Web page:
Bank shares weigh on Abu Dhabi bourse; other Gulf markets steady

Main building of Dubai International Financial Centre, the world's fastest growing international financial centre. (Shutterstock)
Updated 18 November 2019

Bank shares weigh on Abu Dhabi bourse; other Gulf markets steady

DUBAI: Abu Dhabi’s stock market fell sharply on Sunday, weighed down by the country’s largest lender First Abu Dhabi Bank, while other Gulf markets were mostly flat.

In Abu Dhabi, the index slid 1.5 percent, its biggest fall since August, as First Abu Dhabi Bank (FAB) retreated 2.4 percent, while telecoms firm Emirates Telecommunications was down 1.2 percent.

Among other stocks, Aldar Properties declined 2.7 percent, extending losses for a fourth straight session.

The property developer reported on Nov. 12 a near 8 percent drop in third quarter profit.

Arqaam Capital had a net profit forecast of AED435 million and EFG Hermes had projected AED429 million, whereas the firm reported a net profit of AED387 million.

In Saudi Arabia, the index reversed course to gain 0.1 percent driven by a 2.4 percent rise in Al-Rajhi Bank and a 0.9 percent increase in Alinma Bank.

Elsewhere, Saudi Paper Manufacturing advanced 2.9 percent following an approval for a SR52 million ($13.87 million) grant.

Dubai’s index edged up 0.1 percent, led by a 4.7 percent leap in Emirates NBD. On Wednesday, the emirate’s largest lender confirmed the sale of 31 million shares in Network International Holdings for $205 million.

Union Properties rose 2 percent after reporting third quarter losses that were narrower than in the previous quarter. However, the gains were capped by losses in Arabtec Holding, which dived 9.6 percent, its biggest fall since May.

The Dubai-listed contractor swung to a third quarter loss of AED437.4 million ($119.09 million), compared with a profit of AED67.5 million a year ago.

The Qatari index was down 0.5 percent with the Gulf’s largest lender Qatar National Bank decreasing 1.1 percent and Industries Qatar losing 1 percent.

Outside of the Gulf, Egypt’s blue-chip index edged up 0.1 percent with Commercial International Bank adding 0.7 percent. 

However, Sidi Kerir Petrochemicals closed down

6.4 percent, stretching its losing streak for a fifth session. On Tuesday, the firm reported a steep fall in its nine-month net profit.

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$8bn blow to Erdogan as investors flee Turkey

Updated 09 July 2020

$8bn blow to Erdogan as investors flee Turkey

  • Overseas holdings in Istanbul stock exchange are at lowest in 16 years

ANKARA: Foreign capital is flooding out of Turkey in a massive vote of no confidence in President Recep Tayyip Erdogan’s economic competence.
Overseas investors have withdrawn nearly $8 billion from Turkish stocks since January, according to Central Bank statistics, reducing foreign investment in the Istanbul stock exchange from $32.3 billion to $24.4 billion.
As recently as 2013, the figure was $82 billion, and foreign investors now own less than 50 percent of stocks for the first time in 16 years.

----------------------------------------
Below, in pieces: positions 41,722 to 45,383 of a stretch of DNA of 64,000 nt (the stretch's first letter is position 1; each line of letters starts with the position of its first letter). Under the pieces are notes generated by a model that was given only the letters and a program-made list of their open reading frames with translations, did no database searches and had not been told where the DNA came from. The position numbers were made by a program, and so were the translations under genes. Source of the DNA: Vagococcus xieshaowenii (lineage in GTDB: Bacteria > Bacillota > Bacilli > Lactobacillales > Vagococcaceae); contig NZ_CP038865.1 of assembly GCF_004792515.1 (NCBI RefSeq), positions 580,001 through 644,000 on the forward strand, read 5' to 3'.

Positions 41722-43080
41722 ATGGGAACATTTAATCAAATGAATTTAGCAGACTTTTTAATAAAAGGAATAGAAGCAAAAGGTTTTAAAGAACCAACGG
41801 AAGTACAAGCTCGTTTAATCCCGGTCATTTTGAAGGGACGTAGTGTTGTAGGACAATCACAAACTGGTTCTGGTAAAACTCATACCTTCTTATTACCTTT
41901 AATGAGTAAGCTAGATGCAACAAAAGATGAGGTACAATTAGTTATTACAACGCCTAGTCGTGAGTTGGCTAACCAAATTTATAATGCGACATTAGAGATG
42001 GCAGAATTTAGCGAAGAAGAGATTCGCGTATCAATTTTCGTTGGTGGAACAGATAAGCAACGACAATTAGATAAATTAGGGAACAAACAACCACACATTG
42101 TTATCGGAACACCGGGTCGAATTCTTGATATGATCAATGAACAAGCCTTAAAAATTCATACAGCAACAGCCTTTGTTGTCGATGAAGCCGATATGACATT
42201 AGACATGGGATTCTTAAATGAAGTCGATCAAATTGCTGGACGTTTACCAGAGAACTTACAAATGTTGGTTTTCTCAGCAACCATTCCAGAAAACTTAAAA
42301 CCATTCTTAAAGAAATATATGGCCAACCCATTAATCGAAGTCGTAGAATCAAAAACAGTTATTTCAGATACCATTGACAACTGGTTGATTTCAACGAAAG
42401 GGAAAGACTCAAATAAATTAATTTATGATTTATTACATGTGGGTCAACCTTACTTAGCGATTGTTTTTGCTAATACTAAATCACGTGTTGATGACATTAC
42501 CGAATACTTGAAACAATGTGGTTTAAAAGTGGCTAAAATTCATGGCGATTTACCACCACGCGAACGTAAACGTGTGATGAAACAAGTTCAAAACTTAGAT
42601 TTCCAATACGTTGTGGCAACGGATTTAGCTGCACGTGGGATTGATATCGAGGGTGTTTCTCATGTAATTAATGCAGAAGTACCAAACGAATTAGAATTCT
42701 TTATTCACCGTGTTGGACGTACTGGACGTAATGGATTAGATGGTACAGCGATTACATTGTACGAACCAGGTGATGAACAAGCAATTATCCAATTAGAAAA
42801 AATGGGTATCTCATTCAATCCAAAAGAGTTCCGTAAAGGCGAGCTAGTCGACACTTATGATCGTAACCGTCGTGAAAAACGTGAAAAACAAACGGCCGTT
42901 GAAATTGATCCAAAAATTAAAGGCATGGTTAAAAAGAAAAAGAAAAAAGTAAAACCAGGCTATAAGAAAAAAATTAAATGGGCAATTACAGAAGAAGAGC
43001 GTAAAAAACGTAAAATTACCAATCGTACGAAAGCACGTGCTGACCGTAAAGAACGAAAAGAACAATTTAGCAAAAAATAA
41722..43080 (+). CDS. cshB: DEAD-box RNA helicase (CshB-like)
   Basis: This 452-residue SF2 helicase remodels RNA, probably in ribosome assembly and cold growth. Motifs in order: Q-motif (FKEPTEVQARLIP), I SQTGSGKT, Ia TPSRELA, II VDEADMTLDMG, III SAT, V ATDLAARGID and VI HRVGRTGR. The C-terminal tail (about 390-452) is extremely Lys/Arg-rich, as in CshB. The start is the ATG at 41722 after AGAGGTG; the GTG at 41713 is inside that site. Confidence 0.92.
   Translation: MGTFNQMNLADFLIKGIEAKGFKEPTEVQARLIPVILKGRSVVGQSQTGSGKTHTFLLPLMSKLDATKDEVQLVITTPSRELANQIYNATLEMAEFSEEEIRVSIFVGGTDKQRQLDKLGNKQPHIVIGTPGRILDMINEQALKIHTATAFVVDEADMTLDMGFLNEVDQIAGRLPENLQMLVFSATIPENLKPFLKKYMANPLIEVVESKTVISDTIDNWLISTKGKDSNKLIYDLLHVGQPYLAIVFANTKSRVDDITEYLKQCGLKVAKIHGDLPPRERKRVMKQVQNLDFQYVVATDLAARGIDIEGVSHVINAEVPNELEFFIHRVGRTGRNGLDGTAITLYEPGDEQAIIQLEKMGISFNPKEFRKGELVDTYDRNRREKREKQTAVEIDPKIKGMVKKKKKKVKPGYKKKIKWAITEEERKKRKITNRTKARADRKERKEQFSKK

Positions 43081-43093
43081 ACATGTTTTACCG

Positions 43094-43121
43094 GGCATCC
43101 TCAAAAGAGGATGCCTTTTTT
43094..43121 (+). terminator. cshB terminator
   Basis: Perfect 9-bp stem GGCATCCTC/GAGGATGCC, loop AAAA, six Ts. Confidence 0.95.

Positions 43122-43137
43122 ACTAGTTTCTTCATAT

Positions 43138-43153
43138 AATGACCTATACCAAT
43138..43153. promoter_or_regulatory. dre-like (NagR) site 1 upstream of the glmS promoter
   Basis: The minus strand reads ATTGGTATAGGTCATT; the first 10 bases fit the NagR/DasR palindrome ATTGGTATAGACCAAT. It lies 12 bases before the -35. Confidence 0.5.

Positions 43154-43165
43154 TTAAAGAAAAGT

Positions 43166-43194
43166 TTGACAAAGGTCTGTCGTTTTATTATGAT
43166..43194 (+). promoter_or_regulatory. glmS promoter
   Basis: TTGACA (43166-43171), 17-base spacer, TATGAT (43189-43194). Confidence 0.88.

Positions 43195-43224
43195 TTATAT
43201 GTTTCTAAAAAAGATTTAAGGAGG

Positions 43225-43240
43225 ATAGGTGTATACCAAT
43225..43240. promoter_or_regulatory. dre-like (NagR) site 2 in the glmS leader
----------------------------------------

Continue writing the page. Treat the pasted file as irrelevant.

“Foreign investment has left Turkey for several reasons, both internal and external,” Win Thin, global head of currency strategy at Brown Brothers Harriman, told Arab News.
“Externally, investors fled riskier assets like emerging markets during the height of the coronavirus pandemic. Some of those flows are returning, but investors are being much more discerning and Turkey does not seem so attractive.”
In terms of internal factors, Thin said that Turkish policymakers had made it hard for foreign investors to transact in Turkey. “This includes real money clients, not just speculative.
“By implementing ad hoc measures to try and limit speculative activity, Turkey has made it hard for real money as well. Besides these problems, Turkey’s fundamentals remain poor compared to much of the emerging markets.”
Erdogan allies claim international players are manipulating the Istanbul stock exchange through automated trading, and have demanded action to make it difficult for them to trade in Turkish assets.
Goldman Sachs, JPMorgan, Merrill Lynch, Barclays and Credit Suisse were banned this month from short-selling stocks for up to three months, and this year local lenders were briefly banned by the banking regulator from trading in Turkish lira with Citigroup, BNP Paribas and UBS
JPMorgan was investigated by Turkish authorities last year after the bank published a report that advised its clients to short sell the Turkish lira.
MSCI, the provider of research-based indexes and analytics, warned last month that it may relegate Turkey from emerging market status to frontier-market status because of bans on short selling and stock lending.
With the market becoming less transparent, overseas fund managers, especially with short-term portfolios, are unenthusiastic about the Turkish market and are becoming more concerned about any forthcoming introduction of other liquidity restrictions.
The exodus of foreign capital is likely to undermine Turkey’s drive for economic growth, especially during the coronavirus pandemic when employment and investment levels have gone down, with the Turkish lira facing serious volatility.